Rumor: Intel slides talk chipsets, Gemini Lake SoCs, and an Optane SSD

GamersNexus isn't our usual source of leaks, but nevertheless the folks there published a few slides that they claim are from an internal Intel document. The images appear to detail the company's upcoming releases. Most of the info in the slides isn't new, but there are a few interesting bits of data regarding Apollo Lake's successor, the remainder of the 300-series chipsets, and a possible upcoming Optane SSD. As always, grab the Morton.

Coffee Lake is launching on October 5, but so far the only new chipset we've heard about is the overclocking-enabled Z370. According to GamersNexus' slides, we won't be seeing other variants until next year. The first slide lists H370, H310, B360, Q370, and Q360 chipsets slated for Q1 2018. Furthermore, we'll purportedly be seeing additional two-, four-, and six-core Coffee Lake desktop CPUs around the same time. Assuming this information is legitimate, some new chips will have a 35 W TDP rating, while others fit the existing 65 W TDP envelope.

Next, let's discuss the new rumored SoCs. According to the slides, Intel could be launching the Gemini Lake family of low-power SoCs somewhere between October 23 and November 7. The slides list three model numbers for "[four-] and [two-] core 10W SoCs": J5005, J4105, and J4005. The slides also list the chips under the familiar Celeron name as well as an as-yet-unseen "Pentium Silver" moniker. It's not clear what would be new about Gemini Lake chips versus the existing Apollo Lake chips, but if these slides are accurate, we'll know more in about a month.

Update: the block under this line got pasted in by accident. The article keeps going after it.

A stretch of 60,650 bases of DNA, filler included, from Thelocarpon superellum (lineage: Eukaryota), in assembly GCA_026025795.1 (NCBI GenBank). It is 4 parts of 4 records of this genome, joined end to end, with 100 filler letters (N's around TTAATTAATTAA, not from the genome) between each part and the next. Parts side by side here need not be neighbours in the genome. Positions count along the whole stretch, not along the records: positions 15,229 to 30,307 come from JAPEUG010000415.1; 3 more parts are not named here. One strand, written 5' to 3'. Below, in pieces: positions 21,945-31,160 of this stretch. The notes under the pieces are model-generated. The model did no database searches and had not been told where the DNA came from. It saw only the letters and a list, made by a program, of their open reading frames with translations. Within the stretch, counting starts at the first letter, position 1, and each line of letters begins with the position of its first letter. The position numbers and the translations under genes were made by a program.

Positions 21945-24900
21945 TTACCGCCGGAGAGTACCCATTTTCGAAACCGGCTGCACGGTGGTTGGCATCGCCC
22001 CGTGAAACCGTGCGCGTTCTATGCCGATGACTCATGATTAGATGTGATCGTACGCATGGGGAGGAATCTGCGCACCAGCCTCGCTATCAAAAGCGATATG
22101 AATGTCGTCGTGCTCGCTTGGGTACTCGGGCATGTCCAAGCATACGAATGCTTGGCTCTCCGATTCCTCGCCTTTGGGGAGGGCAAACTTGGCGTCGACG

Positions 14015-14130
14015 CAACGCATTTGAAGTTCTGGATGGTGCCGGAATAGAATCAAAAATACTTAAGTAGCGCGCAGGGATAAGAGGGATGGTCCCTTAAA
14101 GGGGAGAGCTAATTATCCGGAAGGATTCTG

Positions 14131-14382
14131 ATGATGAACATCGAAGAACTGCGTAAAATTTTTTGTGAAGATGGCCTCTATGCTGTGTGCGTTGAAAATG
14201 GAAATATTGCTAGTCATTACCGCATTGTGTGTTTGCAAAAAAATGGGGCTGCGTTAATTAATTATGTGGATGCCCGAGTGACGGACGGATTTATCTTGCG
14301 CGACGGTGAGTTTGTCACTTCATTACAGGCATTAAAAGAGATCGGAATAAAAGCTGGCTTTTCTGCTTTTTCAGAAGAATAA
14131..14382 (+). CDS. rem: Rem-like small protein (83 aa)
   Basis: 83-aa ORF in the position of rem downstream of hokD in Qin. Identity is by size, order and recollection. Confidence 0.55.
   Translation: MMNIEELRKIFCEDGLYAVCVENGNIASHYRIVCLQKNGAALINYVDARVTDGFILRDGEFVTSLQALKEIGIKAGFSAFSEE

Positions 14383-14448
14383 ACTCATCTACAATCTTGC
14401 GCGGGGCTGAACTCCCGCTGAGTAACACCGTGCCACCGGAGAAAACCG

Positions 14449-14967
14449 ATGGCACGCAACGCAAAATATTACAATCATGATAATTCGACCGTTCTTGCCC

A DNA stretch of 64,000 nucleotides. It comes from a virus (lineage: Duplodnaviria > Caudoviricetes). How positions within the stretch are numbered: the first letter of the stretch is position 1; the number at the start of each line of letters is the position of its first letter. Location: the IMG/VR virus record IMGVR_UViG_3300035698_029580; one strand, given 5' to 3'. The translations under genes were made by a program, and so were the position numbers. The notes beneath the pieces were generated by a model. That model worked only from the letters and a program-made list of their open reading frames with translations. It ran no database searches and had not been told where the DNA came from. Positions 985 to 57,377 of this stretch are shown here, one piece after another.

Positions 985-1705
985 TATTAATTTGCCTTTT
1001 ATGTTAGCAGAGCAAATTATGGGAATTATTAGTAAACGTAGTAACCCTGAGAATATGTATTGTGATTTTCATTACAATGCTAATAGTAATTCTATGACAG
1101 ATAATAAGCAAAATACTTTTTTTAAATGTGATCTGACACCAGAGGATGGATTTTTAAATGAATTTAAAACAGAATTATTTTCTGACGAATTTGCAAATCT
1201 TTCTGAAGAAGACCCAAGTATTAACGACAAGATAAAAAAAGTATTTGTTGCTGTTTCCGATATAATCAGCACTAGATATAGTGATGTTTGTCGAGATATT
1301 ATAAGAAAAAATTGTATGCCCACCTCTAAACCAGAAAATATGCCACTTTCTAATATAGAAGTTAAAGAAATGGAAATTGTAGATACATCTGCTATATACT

Finally, the last slide leaked by GamersNexus talks about an Optane-based SSD intended for enthusiasts. The purported Optane SSD 900P should be an add-in card and will come in 280 GB and 480 GB capacities. The slide says the SSDs will be "optimized for Robert Space Industries' Star Citizen." Probably given that remark, GamersNexus speculates that the Optane 900P could be launched at the Star Citizen CitizenCon in Frankfurt on October 27.

Comments closed
    • willmore
    • 2 years ago

    Holy market segmentation, Batman!

    • UberGerbil
    • 2 years ago

    Hmmm, retail price on a 32GB Optane module is ~$80. So that 480 GB SSD should be comfortably over a grand. The benchmarks should be interesting anyway, especially compared to enterprise-grade PCIe SSDs, though depending on the connector they use it may be bandwidth constrained.

      • chuckula
      • 2 years ago

      [quote<]Hmmm, retail price on a 32GB Optane module is ~$80. So that 480 GB SSD should be comfortably over a grand.[/quote<] Pfft... you can't just do a linear extrapolation like that! This is Intel we are talking about! If a 32 GB Optane module is $80 then a 480GB version would be $1200. But it's not that simple! The real price will be at least $1500.

        • tipoo
        • 2 years ago

        They will release a 480GB model at 500, but it will support reading but not writing. The 500GB model at 999 will support sequential reading and writing, but not random reads.

    • tsk
    • 2 years ago

    This isn’t much of a well kept secret at this point, all of this information was presented to partners before computex. The slides are accurate.

    • brucethemoose
    • 2 years ago

    [quote<]As always, grab the Morton[/quote<] Y'all should work out an affiliate link deal with Morton. With all these juicy rumors, I'm burning through salt grains like crazy these days.